I would not mind presenting on the physical aspects of a computer. One such example in Dewdney would be chapter 53 on Disk Operating system. As the foundations of a computer, DOS is essential for the operation for most programs.
Another chapter that I could focus on would be chapter 17 (random access machine). I suppose this chapter relates random access memory to machines.
I could present on chapter 6 of F&M, "The Invasion of Privacy," or perhaps on the implications of internet voting (although I don't really have any sources on that right now, I'm sure I could find some). I would also be open to presenting with someone else if they wanted to do something similar. Any Tuesday or Friday would be fine (and sooner rather than later would probably be better), I would prefer not to present on a Monday or Wednesday.
Oh, I didn't realize this question was so specific until looking at it again just now. I had thought that you simply wanted us to suggest more readings so I had looked over the Forester last night, which people mentioned wanting to read more on, and ascertained that we've already read all the chapters except for 3: Software Theft, 6: The Invasion of Privacy, and 8: Computerizing the Workplace. I would be willing to present that last one, Chp. 8, next Friday, May 5th.
I guess I'd also tentatively be willing to present the chapters in Dewdney on Boolean Bases and Logic since I've always heard of the term "Boolean" in connection with searches but never fully understood it.
Other potentially interesting things to cover in Dewdney might be: 8-Random Numbers, 12-Error-Correcting Codes, 14-Regular Languages, 19-Computer Vision, 29-Cat Scanning, 38-Sequential Circuits, 39-Noncomputable Functions, 55-Iteration and Recursion, 63-The Word Problem, OR 65-Relational Data Bases.
HOWEVER, we certainly should NOT do ALL of the above, because we don't have time to, others may not be interested, and/or you may be aware of mathematical complexities involved in some chapters.
Possibilities that interest me on a quick overview:
Do our selections have to be chapters that we haven't covered in class? [That would be my preference.]
I would like to present either:
Random numbers-Chpt 8
I have a Macroeconomics test a week from Monday. I also might have a Political Science take-home test due that day. I also have a tournament at Carlton next Saturday and Sunday. I would prefer to go after that Monday. Ideally, I would present, at the earliest, later that week, possibly Wednesday or Friday.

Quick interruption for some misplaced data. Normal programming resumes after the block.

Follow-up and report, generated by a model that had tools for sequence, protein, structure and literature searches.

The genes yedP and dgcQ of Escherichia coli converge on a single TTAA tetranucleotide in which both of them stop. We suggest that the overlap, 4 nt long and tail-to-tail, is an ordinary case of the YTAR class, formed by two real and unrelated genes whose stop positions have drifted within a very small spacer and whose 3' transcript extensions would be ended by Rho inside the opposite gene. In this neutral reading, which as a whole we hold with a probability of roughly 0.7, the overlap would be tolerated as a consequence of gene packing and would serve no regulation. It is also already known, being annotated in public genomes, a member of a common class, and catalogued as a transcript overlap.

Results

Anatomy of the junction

I would like to present on Chapter 60: Computer Viruses, Chapter 33: Analog Computation, or Chapter 8: Random Numbers. Which one would be the most interesting or the most beneficial to the class? I will do it anytime after March 3. [I assume you mean May 3.]
Okay, since I missed class I'm not entirely sure how everyone reacted to this but I have wanted to do Chapter 3 of Forester and Morrison since we read Chapter 2. Chapter 3: Software Piracy. I figure other people will be wanting this chapter as well, so I suspect I might have to fight for it; since I'm the only first-year, I suspect my choice will be least important to the others. Because I suspect I'll be catching the short straw, I had to think about other choices. My other choices are Computerizing the Workplace (F&M 8), Invasion of Privacy (F&M 6), and Hacking/Viruses (F&M 4). I think there might be a chapter on viruses in Dewdney, but I'm pretty sick of Dewdney and I think everyone else is, too, so if it's there, I'll skim it and maybe offer some of that in my "lecture." I have no particular constraints on when I do it, except that I really would like my lecture to be after Wednesday, April 26, because I have a Physics test that day and a major paper due this Monday, so I'd like to be able to dedicate the appropriate amount of time to those things. After that, I'm flexible. My alternatives, by the way, are in no particular order if anyone's wanting to hold me to them. Hacking/Viruses is probably my number two, actually. Anyway . . . that's all.
I'm not positive, and I haven't found a lot of readings yet, but something about operating systems or the internet. I was thinking of the books "In the Beginning was the Command Line" and "Where Wizards Stay Up Late" and thought there might be fun stuff in there to discuss.
[I'd prefer that you find something in our existing texts, or something not quite so long. If you're using something outside of our texts, we need a way to distribute to the rest of the class.]
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